The image above shows the three dogs with all of their limbs visible, the view we would’ve had if I hadn’t hidden most of them.

 

Coffee

Coffee didn’t appear in Greece until the Ottoman empire, so it isn’t a feature of Greek mythology. Nevertheless, I felt that my goddess deserved steaming hot cup of the stuff.

The cup is based on the Anthora to-go cups used in New York City. It’s just a simple lathe object made in Blender with a custom texture applied. Alas, the render of the cup is distorted, a result of my camera setting. If I was a good person I’d go back and fix that.

The steam is the same steam texture I put in every one of my 3D pictures, available from textures.com.

 

Airship

Fun fact: the airship is staffed by a crew of tiny naked men. I could have clothed them, but I didn’t bother. They’re the size of gnats in the picture and every piece of geometry I put in chews up memory and increases render times. Those with delicate sensibilities needn’t fret, though; the tiny men are every bit as anatomically correct as Barbie’s boyfriend, Ken.

I created the ship with some kit-bashing, much the way one would take pieces of plastic from two different car or airplane models and glue them together.

Here’s the way the airship originally appeared. It’s a commercially available steampunk dirigible, the Spirit of Punk Airship. I deleted or hid the cabin and some other details. I also created textures more in keeping with my theme.

The new “cabin” is the hull from a model of an ancient Greek boat. At first I didn’t know which end of the hull was the prow; I had the hull turned the wrong way with respect to the airship.

Of course, when your ship is powered by a group of naked men rowing through air, perhaps accuracy isn’t that essential.

 

Wind simulation

Eos’s gown is pretty but too static. It’s time to put a little physics to work and do a wind simulation.

 

Here’s a simulation with settings of one Earth gravity and a breeze of one mile per hour. I thought those sounded quite moderate and … um, yeah. That’s exactly the look I was going for. Just like that, with her breasts and one of her hips popping out.

This is typical when I run simulations, whether they’re cloth or fluid or particles. I read the documentation, if there is any, set things up in what seems a reasonable fashion, and whee! There goes her dress! That’s when I laugh, take some notes, and try some different settings.

Some of the simulations were hilariously awful. I ended up with the dress on the opposite side of her body at one point, and at other times it drooped off and tried to slither down her body.

 

Here’s the setting I ended up with, zero gravity and 1 mph wind. I also duplicated her body, increased its size, and made it invisible so the wind could interact with that instead of her “real” body. That helped eliminate an issue with her breasts and hip poking through.

Sometimes it isn’t a matter of one adjustment fixing things. Often I have to tweak several things.

 

Lighting

I used a couple of different light sources in this image. One was an artificial “sun” whose intensity and position I adjusted. I also used an HDRI projected inside a gigantic dome, surrounding the scene. The images above show the “sun” turned off and the dome rotated in a couple of different ways. This lets us see how the dome environment affects the lighting.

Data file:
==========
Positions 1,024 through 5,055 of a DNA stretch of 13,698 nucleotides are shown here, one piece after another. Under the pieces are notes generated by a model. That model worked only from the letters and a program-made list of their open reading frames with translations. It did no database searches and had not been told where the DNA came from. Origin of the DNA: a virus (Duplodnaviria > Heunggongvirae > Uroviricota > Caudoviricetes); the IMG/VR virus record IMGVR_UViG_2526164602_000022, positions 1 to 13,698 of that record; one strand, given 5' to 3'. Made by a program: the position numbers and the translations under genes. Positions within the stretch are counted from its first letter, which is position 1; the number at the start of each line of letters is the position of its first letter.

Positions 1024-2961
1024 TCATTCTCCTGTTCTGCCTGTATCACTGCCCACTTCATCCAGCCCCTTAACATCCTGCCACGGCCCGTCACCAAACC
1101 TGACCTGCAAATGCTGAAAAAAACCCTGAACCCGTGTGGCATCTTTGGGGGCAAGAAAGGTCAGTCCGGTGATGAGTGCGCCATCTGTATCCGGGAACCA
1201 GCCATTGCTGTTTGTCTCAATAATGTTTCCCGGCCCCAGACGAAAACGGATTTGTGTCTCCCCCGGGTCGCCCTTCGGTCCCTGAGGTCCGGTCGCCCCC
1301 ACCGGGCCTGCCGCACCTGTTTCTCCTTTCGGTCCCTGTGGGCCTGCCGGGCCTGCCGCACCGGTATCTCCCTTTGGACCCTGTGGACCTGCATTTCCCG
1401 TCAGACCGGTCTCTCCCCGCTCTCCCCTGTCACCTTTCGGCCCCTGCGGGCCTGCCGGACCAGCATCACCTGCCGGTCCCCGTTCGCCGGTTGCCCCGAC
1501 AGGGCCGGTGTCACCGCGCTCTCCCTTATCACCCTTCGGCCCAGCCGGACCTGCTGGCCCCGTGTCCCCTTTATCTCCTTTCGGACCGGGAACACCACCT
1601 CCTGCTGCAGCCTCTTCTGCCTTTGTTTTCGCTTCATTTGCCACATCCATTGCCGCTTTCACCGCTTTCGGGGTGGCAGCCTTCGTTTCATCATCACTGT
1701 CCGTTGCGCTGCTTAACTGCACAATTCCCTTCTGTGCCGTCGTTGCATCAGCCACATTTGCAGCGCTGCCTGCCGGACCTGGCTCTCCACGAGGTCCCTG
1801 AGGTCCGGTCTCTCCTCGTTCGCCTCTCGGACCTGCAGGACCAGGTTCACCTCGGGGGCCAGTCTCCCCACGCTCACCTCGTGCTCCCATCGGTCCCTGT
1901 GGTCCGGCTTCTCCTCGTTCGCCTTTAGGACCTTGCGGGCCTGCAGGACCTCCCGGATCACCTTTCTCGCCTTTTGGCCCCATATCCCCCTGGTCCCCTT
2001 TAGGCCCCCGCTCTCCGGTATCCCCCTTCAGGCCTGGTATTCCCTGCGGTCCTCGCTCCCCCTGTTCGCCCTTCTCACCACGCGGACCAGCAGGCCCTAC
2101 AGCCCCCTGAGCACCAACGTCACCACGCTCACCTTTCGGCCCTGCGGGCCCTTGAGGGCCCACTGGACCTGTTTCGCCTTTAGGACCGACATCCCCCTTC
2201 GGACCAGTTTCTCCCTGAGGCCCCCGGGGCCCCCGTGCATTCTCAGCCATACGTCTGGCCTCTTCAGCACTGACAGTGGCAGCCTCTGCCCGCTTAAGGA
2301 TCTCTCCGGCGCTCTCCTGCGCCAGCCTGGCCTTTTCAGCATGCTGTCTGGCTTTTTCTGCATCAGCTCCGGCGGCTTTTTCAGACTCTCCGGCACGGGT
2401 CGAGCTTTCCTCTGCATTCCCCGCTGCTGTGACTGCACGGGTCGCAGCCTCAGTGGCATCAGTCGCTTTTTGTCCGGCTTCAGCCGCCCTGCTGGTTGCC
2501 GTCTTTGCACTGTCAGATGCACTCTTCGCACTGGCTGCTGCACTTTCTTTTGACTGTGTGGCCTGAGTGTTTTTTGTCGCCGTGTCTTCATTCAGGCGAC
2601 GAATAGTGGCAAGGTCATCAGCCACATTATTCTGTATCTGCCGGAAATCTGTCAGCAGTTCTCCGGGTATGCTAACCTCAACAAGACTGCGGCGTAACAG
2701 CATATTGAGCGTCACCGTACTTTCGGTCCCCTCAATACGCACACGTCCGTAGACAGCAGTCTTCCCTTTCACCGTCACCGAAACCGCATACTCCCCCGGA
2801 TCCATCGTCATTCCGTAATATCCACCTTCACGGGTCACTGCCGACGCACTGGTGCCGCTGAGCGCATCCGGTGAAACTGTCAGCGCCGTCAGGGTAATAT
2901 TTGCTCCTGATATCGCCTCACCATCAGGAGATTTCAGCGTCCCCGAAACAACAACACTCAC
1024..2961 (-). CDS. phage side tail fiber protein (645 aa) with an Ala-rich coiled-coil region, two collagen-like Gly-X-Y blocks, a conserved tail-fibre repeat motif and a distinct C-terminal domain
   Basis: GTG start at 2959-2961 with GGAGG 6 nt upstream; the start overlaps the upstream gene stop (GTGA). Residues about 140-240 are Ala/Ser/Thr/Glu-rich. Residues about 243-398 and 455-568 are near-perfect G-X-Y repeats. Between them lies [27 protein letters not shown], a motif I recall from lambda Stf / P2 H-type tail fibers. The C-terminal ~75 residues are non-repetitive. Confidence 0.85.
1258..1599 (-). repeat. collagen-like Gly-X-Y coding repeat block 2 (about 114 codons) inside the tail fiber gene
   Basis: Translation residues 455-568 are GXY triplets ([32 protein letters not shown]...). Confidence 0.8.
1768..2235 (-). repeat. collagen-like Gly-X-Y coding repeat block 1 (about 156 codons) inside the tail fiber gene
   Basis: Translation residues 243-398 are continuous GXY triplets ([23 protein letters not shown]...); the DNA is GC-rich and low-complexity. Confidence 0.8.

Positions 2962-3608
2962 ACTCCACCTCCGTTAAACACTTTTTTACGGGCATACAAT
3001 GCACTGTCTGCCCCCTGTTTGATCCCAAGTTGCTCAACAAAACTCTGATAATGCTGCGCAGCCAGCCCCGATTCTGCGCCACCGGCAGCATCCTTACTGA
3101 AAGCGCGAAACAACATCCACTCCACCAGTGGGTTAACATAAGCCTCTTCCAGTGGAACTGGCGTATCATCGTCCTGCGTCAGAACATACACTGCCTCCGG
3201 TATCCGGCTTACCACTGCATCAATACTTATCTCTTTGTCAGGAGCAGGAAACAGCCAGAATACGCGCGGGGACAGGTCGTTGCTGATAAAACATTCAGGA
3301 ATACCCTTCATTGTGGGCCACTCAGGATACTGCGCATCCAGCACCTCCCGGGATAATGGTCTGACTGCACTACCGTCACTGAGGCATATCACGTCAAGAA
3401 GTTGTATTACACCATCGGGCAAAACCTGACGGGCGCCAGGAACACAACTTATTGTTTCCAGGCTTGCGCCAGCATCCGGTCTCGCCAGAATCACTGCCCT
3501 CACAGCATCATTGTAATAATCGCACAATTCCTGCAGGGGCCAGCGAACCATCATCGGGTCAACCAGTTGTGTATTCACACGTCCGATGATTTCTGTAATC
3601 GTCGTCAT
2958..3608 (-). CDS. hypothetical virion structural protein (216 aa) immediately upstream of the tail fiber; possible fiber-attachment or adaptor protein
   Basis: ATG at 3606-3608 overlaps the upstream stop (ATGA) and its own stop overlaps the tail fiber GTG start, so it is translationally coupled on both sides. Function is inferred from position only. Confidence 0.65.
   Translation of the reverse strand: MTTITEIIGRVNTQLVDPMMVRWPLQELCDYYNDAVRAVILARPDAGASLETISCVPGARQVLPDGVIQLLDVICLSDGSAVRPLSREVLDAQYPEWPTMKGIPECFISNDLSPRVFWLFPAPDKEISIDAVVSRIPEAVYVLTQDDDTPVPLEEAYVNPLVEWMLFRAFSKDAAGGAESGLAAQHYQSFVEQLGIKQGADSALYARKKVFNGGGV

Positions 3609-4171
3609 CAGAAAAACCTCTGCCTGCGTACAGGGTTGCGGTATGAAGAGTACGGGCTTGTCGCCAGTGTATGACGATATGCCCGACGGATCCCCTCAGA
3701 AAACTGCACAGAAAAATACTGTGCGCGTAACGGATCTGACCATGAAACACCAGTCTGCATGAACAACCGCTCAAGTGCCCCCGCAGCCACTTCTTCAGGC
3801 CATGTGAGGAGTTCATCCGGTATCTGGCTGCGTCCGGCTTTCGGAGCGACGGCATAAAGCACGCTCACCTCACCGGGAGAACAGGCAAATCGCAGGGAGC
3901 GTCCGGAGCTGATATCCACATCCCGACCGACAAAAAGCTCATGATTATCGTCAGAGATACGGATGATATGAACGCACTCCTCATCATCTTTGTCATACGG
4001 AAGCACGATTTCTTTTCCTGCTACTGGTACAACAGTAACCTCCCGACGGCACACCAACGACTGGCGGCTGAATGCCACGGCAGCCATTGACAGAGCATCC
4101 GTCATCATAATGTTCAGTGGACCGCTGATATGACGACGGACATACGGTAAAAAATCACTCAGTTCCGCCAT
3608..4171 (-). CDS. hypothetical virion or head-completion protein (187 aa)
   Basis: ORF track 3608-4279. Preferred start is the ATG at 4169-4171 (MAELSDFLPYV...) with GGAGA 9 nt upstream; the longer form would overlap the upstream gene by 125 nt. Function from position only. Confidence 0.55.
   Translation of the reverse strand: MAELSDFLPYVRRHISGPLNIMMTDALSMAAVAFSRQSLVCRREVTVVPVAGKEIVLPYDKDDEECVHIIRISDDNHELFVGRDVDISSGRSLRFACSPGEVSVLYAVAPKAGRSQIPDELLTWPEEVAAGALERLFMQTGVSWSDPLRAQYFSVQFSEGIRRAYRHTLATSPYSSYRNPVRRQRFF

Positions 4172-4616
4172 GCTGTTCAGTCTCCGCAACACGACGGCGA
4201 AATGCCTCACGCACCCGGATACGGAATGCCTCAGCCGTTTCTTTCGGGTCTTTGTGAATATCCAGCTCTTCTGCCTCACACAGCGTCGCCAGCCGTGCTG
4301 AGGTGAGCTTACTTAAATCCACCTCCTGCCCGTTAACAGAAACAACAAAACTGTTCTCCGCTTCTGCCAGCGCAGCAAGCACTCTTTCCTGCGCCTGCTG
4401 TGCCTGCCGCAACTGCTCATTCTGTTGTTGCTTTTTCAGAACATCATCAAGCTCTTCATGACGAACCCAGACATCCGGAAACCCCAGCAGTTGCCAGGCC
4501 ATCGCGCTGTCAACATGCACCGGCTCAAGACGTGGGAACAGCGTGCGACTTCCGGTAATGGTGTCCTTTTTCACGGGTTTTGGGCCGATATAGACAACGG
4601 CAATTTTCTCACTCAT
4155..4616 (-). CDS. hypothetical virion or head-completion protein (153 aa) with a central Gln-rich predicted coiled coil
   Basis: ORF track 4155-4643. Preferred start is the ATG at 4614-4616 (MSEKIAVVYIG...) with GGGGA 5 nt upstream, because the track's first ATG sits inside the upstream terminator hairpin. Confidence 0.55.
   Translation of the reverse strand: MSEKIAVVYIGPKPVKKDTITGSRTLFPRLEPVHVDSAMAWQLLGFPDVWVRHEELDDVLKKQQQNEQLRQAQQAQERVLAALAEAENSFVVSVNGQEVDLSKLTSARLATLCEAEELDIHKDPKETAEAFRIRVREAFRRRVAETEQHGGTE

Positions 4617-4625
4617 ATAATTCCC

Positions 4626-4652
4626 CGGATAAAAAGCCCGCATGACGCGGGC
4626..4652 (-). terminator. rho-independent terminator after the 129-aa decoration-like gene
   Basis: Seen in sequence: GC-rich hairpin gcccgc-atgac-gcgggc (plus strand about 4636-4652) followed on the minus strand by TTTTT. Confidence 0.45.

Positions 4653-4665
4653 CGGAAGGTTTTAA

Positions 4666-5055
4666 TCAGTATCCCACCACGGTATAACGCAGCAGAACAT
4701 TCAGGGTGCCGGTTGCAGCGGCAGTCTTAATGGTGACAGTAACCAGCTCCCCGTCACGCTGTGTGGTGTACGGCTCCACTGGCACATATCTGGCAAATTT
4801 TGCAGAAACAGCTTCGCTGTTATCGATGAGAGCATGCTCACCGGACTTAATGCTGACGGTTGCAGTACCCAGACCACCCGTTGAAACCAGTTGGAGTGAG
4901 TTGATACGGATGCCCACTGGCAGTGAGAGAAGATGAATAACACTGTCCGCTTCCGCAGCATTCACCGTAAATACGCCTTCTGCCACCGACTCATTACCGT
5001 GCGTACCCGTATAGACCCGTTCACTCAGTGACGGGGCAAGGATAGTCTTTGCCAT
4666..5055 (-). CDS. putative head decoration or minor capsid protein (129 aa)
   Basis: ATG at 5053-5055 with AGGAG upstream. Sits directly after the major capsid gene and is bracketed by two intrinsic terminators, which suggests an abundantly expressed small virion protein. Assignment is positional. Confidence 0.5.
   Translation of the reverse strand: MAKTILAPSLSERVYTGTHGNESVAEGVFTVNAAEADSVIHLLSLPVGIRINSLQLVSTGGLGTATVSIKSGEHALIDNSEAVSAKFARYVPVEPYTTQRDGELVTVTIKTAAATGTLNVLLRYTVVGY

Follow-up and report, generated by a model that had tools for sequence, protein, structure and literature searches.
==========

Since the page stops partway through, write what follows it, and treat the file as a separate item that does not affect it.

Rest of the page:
Geometry issues

There’s always something wrong in one of these renders. No matter how much I inspect the scene in the 3D program, when I look at the resulting render on a pixel by pixel basis, I find problems. The question then is whether to address it in the 3D program and do another render or fix it with Photoshop.

Here’s a typical surprise. This commercially available model of a flower had its blossoms floating above its stems. That might not matter for a picture the size of a postcard, but for something several feet across it’s unacceptable. Should I go back, edit the 3D model, and do another render? That could take several hours. Or should I simply splice in some more stem in Photoshop, a matter of about five minutes? I opted for the latter.

 

Another unwelcome surprise, the woman’s hair going right through her arm. Her arm was supposed to act as a collision object and have the hair wrap around it, but that obviously didn’t work out. Once again, Photoshop to the rescue.

 

Lovely. Her chain is going right through her dress. Yet another Photoshop edit.

 

The final version, with edits listed above. On to the next adventure.

My newest preciousssss.

September 22nd, 2018

During the past few months, this blog has read like a chronicle of broken machinery. Fortunately, most of it was easy to repair, a matter of getting in the appropriate devil-may-care mood and shoving in new parts or cackling madly while waving around a soldering iron.

Then came the most recent issue, the death of my beloved 17” Macbook Pro. After seven years, a chronically busted 4 key, a logic board replacement, and several RAM and hard drive upgrades, it embarked on an ugly series of hardware problems. One night the end came in a technicolor crescendo of crashes and screens of death.

“Oooh! Can I look at it?” my husband squealed happily. “Sure,” I said, having backed up all of the data on the machine a couple of other places. (Not that the drive was likely to be impacted.) He caressed the sickly machine, cooed to it, and began pressing keys. It faded into eternal blackness while in his arms.

“Hey, you finally killed it!” he crowed, ignoring the fact that technically it had died while he was touching it, not me. “Well, you’ll just have to march down to the Apple Store and get a new one. You can even have some coffee while you wait.” (Our closest Apple Store is at the spaceship campus’s visitor’s center. They have coffee there as well as high dollar nutrition bars with frightening names. I still haven’t had the guts to find out what a Manuka is.)

 

Happy happy consumers fingering I-devices.